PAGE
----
As I’ve grown closer to God, I’ve realized I’ve had a distorted view of who he is, though my vision is becoming more clear little by little.
I’ve always seen him as being disappointed at my continued failure to overcome sin. This has been taught in both subtle and outright ways all my life. Such a viewpoint causes some to act as though they have somehow gained control over their sin, promoting an external self-righteousness. Otherwise, it drives those away that realize they can’t overcome their sin or manage it to appear righteous enough to others.
In both cases, the sin is still there.
I’ve come to a realization that I’m now starting to be able to believe and apply, though it takes time to fully sink in—Jesus became sin and took the consequences at the cross.
Yeah, I know we’ve heard this all our lives and say we believe it. However, we’re still led to think that we have to somehow overcome our sin.
God, while he loves us, doesn’t seem to like us much until we do.
This leads to all kinds of systems of sin management that have existed for centuries. However, these systems have never been successful at overcoming sin but only attempt to redirect it elsewhere while driving it deeper within ourselves.
“We are not the problem, it’s them.” This is a phrase that is stated in many forms. This view attempts to undo all that Jesus suffered to destroy our sin on the cross. We impose our twisted view of God onto the rest of the world—“God loves you but doesn’t like you until you clean up your act.”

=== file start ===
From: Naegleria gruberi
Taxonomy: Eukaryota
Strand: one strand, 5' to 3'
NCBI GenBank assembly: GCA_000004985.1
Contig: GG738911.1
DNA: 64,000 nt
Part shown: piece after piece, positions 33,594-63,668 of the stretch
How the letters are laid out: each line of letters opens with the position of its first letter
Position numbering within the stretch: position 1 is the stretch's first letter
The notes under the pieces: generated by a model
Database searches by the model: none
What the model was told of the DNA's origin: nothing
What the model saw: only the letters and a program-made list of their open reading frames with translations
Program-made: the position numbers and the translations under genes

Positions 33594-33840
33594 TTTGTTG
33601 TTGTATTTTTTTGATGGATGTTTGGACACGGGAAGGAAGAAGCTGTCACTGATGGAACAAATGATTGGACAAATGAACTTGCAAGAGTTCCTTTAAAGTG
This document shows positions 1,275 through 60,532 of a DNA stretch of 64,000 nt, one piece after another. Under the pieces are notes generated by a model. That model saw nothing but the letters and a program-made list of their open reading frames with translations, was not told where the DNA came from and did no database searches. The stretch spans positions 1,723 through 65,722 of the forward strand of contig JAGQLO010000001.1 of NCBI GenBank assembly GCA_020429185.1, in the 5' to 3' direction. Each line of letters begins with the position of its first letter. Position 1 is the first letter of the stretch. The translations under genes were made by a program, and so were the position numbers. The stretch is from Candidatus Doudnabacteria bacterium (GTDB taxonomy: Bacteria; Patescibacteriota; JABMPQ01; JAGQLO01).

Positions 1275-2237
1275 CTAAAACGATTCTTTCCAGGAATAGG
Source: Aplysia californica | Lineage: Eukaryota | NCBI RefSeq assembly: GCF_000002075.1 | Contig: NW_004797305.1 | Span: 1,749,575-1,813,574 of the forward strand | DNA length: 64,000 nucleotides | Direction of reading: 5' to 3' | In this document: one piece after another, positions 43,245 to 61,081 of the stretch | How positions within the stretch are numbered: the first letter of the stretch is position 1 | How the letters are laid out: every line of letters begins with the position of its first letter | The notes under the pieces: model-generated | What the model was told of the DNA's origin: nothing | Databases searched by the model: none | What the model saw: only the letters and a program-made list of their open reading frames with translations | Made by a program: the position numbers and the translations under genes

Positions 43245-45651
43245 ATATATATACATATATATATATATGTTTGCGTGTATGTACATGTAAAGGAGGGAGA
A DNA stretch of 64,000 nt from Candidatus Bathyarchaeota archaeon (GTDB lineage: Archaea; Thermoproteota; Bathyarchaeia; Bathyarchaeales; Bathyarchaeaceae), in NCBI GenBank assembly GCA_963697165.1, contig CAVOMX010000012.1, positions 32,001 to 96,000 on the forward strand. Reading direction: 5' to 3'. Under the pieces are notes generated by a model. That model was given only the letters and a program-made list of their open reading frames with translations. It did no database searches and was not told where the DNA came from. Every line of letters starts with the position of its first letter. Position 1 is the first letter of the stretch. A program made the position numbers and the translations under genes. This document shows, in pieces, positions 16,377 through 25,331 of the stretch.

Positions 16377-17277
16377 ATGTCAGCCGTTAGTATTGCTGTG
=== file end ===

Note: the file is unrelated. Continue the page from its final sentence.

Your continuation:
Jesus isn’t standing opposed to us when we fail. He is standing right beside us. When we only see him as distant, we have no power to overcome our sin. When we realize that he is in us and we are in him, we begin to realize we have his power within us and can overcome our sin with him.
What we may also fail to realize is that Jesus became sin in every way that sin is sin. He didn’t just symbolically become sin. He literally took all of our sin into himself and paid the consequences for it. Though I can admit this, I have a hard time truly believing it—for myself or for others. I still tend to insist there is something I have to do to overcome my sin. However, just as Jesus literally became sin, we literally became his righteousness (2 Corinthians 5:21). We have been made saints!
This is probably one of the most significant realizations in Christianity but yet the least accepted.
We continue to try to please God by our own methods when he is already pleased with us. We fail to just trust him and let him stand with us against our sin. We seem to think we are going to embarrass God if our vulnerabilities are exposed, so we act as though everything is okay on the surface.
However, Jesus overcame all of our shame at the cross!
We continue to see ourselves as an old, shameful sinner who has to do enough lifelong sin management to get through the gates of heaven. This causes us to live in a perpetually unfulfilled state.
When we accept that we have become a new creation, we focus on God’s grace and love and receive that fulfillment now, in this lifetime! Jesus is then able to help us overcome our sin as we are ready. This isn’t through force, willpower, programs, or management systems. It is through Jesus. We are also able to stand with others in their vulnerabilities and share Jesus’ love and acceptance with them. Instead, though, we tend to heap shame on others to justify ourselves or manipulate them to do things our way.
It’s not “Us vs Them.” It’s us standing with Jesus and with “them.” God is not on “our” side or against “them.” He sent Jesus to show that he is on everyone’s side.